A reader recently contacted JBHE with concerns that Emory University in Atlanta, Georgia, is not doing enough to address diversity in its faculty and administrative ranks. The reader points out that several high ranking faculty and administrators have left Emory in recent years.
The letter that was sent to JBHE can be seen below. Because of the writer’s affiliation, we have decided to publish the letter anonymously. We invite members of the Emory community and others concerned about diversity issues to comment.
To the Editor:
Over the past year and a half, a number of black faculty have left Emory University. You might recall that Emory received national attention this past year for the unsavory comments of its President, James Wagner, on the Three-Fifths Compromise in the U.S. Constitution. These departures of black faculty are particularly alarming as they also coincide with the departure over the past two years of Emory’s three highest-ranking black administrators: John Ford, senior vice president for campus life, Earl Lewis, provost and the Asa Griggs, Candler Professor of History and African American Studies, and Ozzie Harris II, senior vice provost for community and diversity.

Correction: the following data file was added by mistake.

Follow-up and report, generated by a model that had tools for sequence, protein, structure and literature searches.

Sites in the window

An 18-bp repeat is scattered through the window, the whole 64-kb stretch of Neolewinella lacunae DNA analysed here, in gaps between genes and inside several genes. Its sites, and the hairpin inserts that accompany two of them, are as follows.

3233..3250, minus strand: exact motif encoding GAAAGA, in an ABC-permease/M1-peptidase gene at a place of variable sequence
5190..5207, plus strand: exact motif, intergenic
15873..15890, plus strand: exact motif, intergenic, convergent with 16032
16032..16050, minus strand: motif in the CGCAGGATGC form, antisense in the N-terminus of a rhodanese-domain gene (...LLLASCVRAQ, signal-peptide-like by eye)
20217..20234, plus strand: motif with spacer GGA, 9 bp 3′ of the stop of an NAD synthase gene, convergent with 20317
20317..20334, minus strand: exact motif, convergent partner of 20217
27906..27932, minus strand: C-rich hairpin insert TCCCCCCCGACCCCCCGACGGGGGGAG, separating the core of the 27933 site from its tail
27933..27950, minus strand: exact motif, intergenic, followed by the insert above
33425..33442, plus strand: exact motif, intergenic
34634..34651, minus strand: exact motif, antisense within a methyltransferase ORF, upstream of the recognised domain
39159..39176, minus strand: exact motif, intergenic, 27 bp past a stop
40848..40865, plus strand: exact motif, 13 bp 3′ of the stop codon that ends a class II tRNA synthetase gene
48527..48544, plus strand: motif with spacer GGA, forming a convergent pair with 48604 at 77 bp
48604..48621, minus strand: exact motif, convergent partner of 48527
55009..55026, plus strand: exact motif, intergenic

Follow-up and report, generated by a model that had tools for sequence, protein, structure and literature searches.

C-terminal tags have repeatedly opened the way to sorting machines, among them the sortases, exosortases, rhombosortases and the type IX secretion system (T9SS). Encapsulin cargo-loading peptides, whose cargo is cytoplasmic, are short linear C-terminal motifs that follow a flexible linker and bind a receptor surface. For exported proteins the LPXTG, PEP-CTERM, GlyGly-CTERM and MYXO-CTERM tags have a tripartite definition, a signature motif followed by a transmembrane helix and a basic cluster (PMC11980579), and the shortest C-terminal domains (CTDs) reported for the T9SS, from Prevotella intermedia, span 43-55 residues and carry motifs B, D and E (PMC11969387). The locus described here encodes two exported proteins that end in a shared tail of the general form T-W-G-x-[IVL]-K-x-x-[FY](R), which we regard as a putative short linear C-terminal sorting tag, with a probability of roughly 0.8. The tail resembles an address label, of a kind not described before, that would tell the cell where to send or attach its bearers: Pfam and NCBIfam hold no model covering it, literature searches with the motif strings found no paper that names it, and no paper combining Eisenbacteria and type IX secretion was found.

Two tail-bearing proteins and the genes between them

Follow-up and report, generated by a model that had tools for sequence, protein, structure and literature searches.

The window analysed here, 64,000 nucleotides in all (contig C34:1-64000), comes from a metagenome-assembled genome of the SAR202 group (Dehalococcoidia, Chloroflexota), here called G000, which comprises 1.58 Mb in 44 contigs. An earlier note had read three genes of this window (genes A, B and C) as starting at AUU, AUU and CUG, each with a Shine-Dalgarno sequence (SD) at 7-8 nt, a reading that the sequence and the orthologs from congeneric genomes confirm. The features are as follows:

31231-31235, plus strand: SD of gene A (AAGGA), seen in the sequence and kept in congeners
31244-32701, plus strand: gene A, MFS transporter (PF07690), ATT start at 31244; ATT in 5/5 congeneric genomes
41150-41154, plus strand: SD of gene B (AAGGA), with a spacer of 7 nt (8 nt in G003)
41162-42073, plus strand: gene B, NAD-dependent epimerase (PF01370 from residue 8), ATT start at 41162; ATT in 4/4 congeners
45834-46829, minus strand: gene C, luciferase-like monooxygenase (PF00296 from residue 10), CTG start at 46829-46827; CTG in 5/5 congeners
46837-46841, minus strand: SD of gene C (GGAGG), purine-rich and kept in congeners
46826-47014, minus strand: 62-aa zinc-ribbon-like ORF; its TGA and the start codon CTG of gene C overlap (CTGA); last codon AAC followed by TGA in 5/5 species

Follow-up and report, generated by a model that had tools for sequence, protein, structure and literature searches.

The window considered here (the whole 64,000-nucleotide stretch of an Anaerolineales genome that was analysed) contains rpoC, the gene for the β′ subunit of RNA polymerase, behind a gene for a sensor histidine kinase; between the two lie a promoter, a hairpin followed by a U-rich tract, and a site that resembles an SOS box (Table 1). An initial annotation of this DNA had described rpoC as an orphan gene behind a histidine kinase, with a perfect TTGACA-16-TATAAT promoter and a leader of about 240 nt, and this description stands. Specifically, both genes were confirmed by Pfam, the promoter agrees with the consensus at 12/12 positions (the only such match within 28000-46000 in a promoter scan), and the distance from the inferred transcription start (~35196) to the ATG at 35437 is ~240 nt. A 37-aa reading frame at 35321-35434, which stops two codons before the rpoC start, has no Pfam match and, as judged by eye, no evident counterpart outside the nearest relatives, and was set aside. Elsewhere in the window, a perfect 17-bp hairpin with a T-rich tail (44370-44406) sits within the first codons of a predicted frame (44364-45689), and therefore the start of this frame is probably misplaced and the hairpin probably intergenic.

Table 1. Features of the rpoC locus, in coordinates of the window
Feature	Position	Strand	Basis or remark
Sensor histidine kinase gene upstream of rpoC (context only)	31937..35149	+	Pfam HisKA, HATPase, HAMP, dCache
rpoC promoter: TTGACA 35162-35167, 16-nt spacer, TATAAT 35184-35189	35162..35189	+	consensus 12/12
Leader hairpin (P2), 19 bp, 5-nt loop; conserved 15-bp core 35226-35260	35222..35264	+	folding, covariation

In addition to these faculty and administrator departures, over the past six years Emory has experienced a significant loss of other distinguished senior black faculty due to the untimely passing of Rudolph Byrd, Goodrich White Professor of American Studies and African American Studies, and the retirements of Frances Smith Foster, the Charles Howard Candler Professor of English and Women Studies, Delores Aldridge, the Grace Towns Hamilton Professor of Sociology and African American Studies, and George Jones, the Goodrich White Professor of Biology.
Other faculty of color who have departed in the past two years include:
1) DuBois Bowman, former faculty in public health
2) David Chae, former faculty in public health
3) Tyrone Forman, former faculty in sociology
4) Regine Jackson, former faculty in the Institute of Liberal Arts
5) David Malenbranche, former faculty in the school of medicine and public health
6) Maisha Winn, former faculty in Division of Educational Studies
The departure of senior faculty and administrators of color (and there lack of replacement) illustrate that Emory University, a leading institution of higher education, has a serious diversity problem. As an alum, I’m deeply troubled by this situation.